submitted: August 4, 1986.
COMMONWEALTH OF PENNSYLVANIA
DICK LAVERE AHEARN, APPELLANT
Appeal from the Order entered January 21, 1986 denying the petition under the PCHA in the Court of Common Pleas of Centre County, Criminal Division, No. 5 OCTOBER 1963
James N. Bryant, State College, for appellant.
Ross H. Cooper, Assistant District Attorney, Bellefonte, for Com., appellee.
Tamilia, Johnson and Hester, JJ. Johnson, J., concurs in the result.
[ 357 Pa. Super. Page 406]
Appellant was found guilty of first degree murder on January 9, 1964 and subsequently sentenced to life imprisonment. In Commonwealth v. Ahearn, 421 Pa. 311, 218 A.2d 561 (1966), judgment of sentence was affirmed on direct appeal with the Pennsylvania Supreme Court agreeing with the trial court that psychiatric testimony concerning the defense of irresistible impulse was inadmissible. A PCHA petition filed in 1970 was dismissed; the dismissal was affirmed by Pennsylvania Supreme Court in Commonwealth v. Ahearn, 447 Pa. 585, 287 A.2d 901 (1972), as was a subsequent PCHA petition in 1980, from which allowance of appeal to the Supreme Court was denied.
In 1985, the present PCHA petition was filed raising the issue of the retroactivity of the rule of law established in Commonwealth v. Walzak, 468 Pa. 210, 360 A.2d 914 (1976), which admitted into evidence, in a prosecution for murder, psychiatric testimony on the mental capacity to form the specific intent necessary for first degree murder, thereby reducing first degree murder to second degree murder.*fn1 Following a hearing the lower court denied appellant's petition and this appeal followed.
Appellant contends the court erred in refusing to apply the ruling in Walzak, supra, retroactively, claiming he should be granted a new trial. We do not agree.
Appellant acknowledges the difficulty of his position in citing those United States Supreme Court cases which hold that retroactivity applies only to those cases on direct appeal and does not concern itself with the substantive, procedural, constitutional or non-constitutional nature of the case. Hankerson v. North Carolina, 432 U.S. 233, 246, 97
[ 357 Pa. Super. Page 407]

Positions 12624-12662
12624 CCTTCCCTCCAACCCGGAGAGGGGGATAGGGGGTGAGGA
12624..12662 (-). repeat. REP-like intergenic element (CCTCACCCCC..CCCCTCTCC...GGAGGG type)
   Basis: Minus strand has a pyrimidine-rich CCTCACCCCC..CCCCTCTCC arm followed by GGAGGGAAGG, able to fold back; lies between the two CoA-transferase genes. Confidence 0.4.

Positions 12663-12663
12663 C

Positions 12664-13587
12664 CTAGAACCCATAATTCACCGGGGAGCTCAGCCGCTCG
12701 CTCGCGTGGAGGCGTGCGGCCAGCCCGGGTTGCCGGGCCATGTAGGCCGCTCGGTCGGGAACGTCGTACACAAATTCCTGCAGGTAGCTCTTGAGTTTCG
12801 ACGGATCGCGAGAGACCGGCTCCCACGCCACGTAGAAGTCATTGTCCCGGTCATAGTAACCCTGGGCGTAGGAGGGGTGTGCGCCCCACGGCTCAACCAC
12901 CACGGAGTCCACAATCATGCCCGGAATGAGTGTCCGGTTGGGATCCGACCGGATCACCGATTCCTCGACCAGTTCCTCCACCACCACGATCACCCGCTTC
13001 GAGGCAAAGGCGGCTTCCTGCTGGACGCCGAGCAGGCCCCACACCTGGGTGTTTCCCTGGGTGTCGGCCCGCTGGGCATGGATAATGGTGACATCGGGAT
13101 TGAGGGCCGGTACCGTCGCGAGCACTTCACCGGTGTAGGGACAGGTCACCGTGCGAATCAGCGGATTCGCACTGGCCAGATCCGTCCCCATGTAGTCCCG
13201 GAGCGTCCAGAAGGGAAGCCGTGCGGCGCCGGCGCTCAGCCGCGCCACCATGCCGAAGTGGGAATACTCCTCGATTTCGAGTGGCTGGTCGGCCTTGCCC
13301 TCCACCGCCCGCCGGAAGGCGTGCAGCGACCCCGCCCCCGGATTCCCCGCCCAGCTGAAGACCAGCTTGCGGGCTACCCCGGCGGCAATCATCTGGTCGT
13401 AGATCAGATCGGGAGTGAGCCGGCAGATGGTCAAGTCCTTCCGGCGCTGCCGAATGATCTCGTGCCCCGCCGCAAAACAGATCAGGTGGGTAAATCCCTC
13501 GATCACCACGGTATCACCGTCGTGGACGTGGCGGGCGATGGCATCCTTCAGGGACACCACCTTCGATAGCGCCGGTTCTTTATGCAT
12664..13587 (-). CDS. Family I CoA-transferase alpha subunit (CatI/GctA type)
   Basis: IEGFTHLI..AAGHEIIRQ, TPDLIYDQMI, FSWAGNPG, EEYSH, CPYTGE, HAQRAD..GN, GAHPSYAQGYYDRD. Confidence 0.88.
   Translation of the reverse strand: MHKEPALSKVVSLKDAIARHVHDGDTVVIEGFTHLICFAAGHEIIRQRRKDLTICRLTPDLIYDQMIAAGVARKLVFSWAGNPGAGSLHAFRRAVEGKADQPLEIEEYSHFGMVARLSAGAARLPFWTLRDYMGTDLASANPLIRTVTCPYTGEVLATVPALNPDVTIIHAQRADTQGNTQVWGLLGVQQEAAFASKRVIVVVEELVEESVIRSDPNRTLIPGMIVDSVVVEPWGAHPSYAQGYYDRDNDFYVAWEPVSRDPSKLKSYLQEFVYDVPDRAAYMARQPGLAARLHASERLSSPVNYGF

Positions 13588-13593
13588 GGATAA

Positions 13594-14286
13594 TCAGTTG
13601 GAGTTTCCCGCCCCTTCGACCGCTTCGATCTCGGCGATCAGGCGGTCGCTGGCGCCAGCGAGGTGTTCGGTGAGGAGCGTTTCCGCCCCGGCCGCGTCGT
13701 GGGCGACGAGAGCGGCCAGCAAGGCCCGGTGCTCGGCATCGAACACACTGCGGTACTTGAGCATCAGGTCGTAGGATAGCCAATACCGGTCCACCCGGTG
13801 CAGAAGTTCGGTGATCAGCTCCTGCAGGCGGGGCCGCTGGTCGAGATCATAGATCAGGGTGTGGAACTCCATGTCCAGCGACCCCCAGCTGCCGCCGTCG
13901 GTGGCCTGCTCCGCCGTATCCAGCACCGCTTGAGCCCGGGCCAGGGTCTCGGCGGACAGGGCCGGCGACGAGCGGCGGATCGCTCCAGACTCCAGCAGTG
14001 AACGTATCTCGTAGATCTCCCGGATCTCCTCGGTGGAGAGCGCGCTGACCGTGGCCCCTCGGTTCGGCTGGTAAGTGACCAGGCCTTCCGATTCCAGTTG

S.Ct. 2339, 2347, 55 L.Ed.2d 306 (1977); Bradley v. School Board of Richmond, 416 U.S. 696, 711, 94 S.Ct. 2006, 2016, 40 L.Ed.2d 476 (1974). In Commonwealth v. Cabeza, 503 Pa. 228, 469 A.2d 146 (1983), the Pennsylvania Supreme Court, likewise, held that retroactivity is applicable only in those cases on direct appeal in which the question is properly preserved at all stages of adjudication up to and including any on direct appeal. This is not to be interpreted to mean that once a decision has been made at the final stage of appeal, as here, that that decision is subject to review, forevermore, should the law be changed. In Commonwealth v. Hines, 341 Pa. Super. 456, 491 A.2d 907 (1985), in which the retroactivity was sought of liberalization of the law engendered by Commonwealth v. McCutcheon, 463 Pa. 90, 343 A.2d 669 (1975), requiring an interested adult to be present during interrogation of a juvenile, when the issue was not preserved on appeal, this Court held that "it seems fair in striking the balance between individual rights and the administration of criminal justice to limit retroactive applications of the case" citing Commonwealth v. Willman, 434 Pa. 489, at 492, 255 A.2d 534 at 535 (1969). Hines also took note that the McCutcheon rule had been applied to cases, on appeal, in which the issue had been preserved. Commonwealth v. Barnes, 482 Pa. 555, 394 A.2d 461 (1978); Commonwealth v. Chaney, 465 Pa. 407, 350 A.2d 829 (1976). Here, the appellant is not on direct appeal nor is it an appeal nunc pro tunc. Proceeding under the PCHA does not revive issues which have been raised and disposed of on appeal, or which have not been raised because they were not in the contemplation of the law at the time, and arise subsequently as an evolutionary development in the legal process. Hines, supra; Willman, supra.